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Young adult novels attract all ages

On June 5, 2014, Slate writer Ruth Graham wrote a provocative article called, “Against YA.” The subheading said, “Read whatever you want. But you should feel embarrassed when what you’re reading was written for children.”

I beg to differ. If there is one thing young adult fiction readers should not feel, it’s shame. YA novels have shaped our society. From Harry Potter to The Book Thief to The Perks of Being a Wallflower, they have universal applicability, sophisticated prose and vivid stories that are not just kid stuff.

If you’re not quite sure what qualifies as a YA book (the definition is hazy), it generally refers to books written for 12 to 17 year olds. However, YA is reaching a far broader audience: A 2012 survey by a market research firm found that 55 percent of YA books are bought and read by people over 18. Last year, e-book sales for young adult books was up 117 percent as opposed to adult novels’ 42 percent.

After interning in the HarperTeen division at HarperCollins and in Penguin Young Readers at Penguin Random House, I have seen the breadth and wealth of today’s YA novels. They are skillfully woven, filled with infinite wisdom and bottom line: entertaining.

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Young adult books are generally coming-of-age tales in which the protagonist learns lessons about identity and friendship, fear and faith, love and loss. Let’s face it: We never stop learning about these themes in our lives. Adults deal with the same topics on an even more dramatic scale. Everyone remember “those” years, and the YA genre lets readers revisit the emotions and experiences that shaped them and interpret the text through a more mature lens.

For example, novels written for young adults tend to have a love story. It may be a funny, scary or sad, but it’s refreshing to relive the passion and excitement (or awkwardness!) that accompanies young love. It serves as a reminder to have a youthful spirit and reignite romance.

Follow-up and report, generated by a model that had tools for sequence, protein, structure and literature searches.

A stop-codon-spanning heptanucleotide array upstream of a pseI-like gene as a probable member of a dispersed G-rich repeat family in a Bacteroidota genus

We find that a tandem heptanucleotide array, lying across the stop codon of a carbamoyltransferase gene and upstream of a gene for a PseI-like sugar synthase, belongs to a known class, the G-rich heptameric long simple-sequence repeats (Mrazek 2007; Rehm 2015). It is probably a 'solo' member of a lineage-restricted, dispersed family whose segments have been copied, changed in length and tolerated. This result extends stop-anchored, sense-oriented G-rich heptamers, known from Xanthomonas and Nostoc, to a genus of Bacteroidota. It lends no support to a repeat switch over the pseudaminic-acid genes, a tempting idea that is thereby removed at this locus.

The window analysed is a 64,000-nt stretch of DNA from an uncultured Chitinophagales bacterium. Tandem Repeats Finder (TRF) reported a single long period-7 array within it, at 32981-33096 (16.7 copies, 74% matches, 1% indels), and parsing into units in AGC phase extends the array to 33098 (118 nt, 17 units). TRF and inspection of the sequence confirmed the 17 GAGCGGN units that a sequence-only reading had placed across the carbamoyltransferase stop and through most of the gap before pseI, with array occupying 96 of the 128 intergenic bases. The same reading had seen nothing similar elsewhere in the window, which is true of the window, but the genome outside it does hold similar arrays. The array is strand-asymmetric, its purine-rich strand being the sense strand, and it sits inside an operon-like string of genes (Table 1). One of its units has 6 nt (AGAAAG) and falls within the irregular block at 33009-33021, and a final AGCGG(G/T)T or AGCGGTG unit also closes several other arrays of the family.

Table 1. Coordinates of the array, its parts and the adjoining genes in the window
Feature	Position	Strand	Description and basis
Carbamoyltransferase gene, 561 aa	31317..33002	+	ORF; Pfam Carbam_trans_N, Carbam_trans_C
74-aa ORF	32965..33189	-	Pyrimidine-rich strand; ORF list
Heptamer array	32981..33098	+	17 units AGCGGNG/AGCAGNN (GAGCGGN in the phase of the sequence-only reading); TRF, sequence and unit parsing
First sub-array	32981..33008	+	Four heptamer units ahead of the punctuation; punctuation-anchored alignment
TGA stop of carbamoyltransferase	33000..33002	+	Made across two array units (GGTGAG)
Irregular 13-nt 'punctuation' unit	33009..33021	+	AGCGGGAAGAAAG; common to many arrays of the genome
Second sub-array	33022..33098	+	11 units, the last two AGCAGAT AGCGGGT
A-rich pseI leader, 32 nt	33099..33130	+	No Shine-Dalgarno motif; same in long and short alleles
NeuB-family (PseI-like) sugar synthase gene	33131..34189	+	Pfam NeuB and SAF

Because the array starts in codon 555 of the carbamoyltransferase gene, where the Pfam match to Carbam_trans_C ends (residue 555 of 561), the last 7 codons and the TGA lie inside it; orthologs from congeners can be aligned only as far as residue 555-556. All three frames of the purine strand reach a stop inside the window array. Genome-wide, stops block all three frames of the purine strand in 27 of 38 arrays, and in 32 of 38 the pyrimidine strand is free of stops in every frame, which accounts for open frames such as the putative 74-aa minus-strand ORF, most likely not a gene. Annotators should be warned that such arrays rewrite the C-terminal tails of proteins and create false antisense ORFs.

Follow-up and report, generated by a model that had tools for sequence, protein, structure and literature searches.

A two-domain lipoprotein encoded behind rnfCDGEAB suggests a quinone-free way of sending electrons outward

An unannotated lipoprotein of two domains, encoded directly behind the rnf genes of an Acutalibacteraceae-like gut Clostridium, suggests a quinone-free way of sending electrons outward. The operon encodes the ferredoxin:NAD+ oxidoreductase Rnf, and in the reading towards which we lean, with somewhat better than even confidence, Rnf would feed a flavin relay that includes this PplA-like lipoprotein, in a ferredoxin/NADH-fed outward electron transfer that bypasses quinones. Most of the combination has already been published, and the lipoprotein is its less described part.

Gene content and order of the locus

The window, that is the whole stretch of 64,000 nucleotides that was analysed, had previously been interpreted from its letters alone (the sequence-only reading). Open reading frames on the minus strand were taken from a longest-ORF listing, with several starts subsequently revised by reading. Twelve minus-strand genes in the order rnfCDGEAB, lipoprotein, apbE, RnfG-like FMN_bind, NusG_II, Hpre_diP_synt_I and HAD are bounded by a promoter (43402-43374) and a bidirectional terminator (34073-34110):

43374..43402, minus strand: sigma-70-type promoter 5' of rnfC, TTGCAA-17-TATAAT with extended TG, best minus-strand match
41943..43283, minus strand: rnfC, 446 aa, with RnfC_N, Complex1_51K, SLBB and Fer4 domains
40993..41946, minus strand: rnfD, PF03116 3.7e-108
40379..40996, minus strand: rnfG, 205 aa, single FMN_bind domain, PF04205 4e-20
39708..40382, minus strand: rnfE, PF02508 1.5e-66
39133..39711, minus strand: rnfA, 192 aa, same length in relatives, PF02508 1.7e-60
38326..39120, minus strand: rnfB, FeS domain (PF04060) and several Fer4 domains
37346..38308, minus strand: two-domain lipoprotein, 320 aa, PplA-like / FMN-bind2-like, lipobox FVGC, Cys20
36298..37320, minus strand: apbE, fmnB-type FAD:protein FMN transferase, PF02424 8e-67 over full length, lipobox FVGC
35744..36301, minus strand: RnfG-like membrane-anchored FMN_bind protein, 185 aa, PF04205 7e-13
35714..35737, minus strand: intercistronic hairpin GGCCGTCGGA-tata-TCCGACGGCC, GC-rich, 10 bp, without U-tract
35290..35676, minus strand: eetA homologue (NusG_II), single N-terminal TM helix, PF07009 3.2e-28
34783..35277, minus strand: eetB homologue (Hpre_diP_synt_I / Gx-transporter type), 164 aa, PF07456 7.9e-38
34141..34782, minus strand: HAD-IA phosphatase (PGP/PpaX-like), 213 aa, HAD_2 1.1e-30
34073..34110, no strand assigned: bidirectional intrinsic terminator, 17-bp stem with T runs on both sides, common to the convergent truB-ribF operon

Additionally, YA books have a purpose greater than entertainment. Harry Potter taught me the meaning of true friendship and its ability to withstand time and vast challenges. The Fault in our Stars taught me about sickness, loss and coping with grief. It inspired the belief that “some infinities are bigger than other infinities,” and that we should be grateful for every moment. The Hunger Games incited a desire to focus more on selflessness, perseverance and bravery. One of my favorites is Jandy Nelson’s I’ll Give You the Sun, which offers amazing insight into family, sexuality, art and wonder.

Additionally, just because a novel’s target audience is younger does not mean that the writing is lower quality. In fact, generally it is better. Books for teens are written with finesse. YA novels are seldom boring: they are meant to grab your attention and hold on to it. After all, young adult writers have to be at the top of their game. They are competing with Instagram, video games, iPads and TV shows.

Adult novels may ramble; YA doesn’t have time for that. The novels are shorter, so every word counts. I’m not saying that lyricism and density are bad, but sometimes we just aren’t feeling it. In YA, there is a simple writing style that can entertain and be interpreted by anyone regardless of age, ethnicity, gender identity or sexual orientation.

Reading is about escapism. Fiction transports us to a different world, somewhere we’ve never been before, or somewhere we’d like to revisit. As long as you’re reading a good book, you shouldn’t be thinking, “Oh shoot, I could be reading a more ‘mature’ book.”

If you’re enjoying a young adult novel, there’s no room for embarrassment.

C.S. Lewis, author of The Chronicles of Narnia series, said it best, “A children’s story that can only be enjoyed by children is not a good children’s story in the slightest.”

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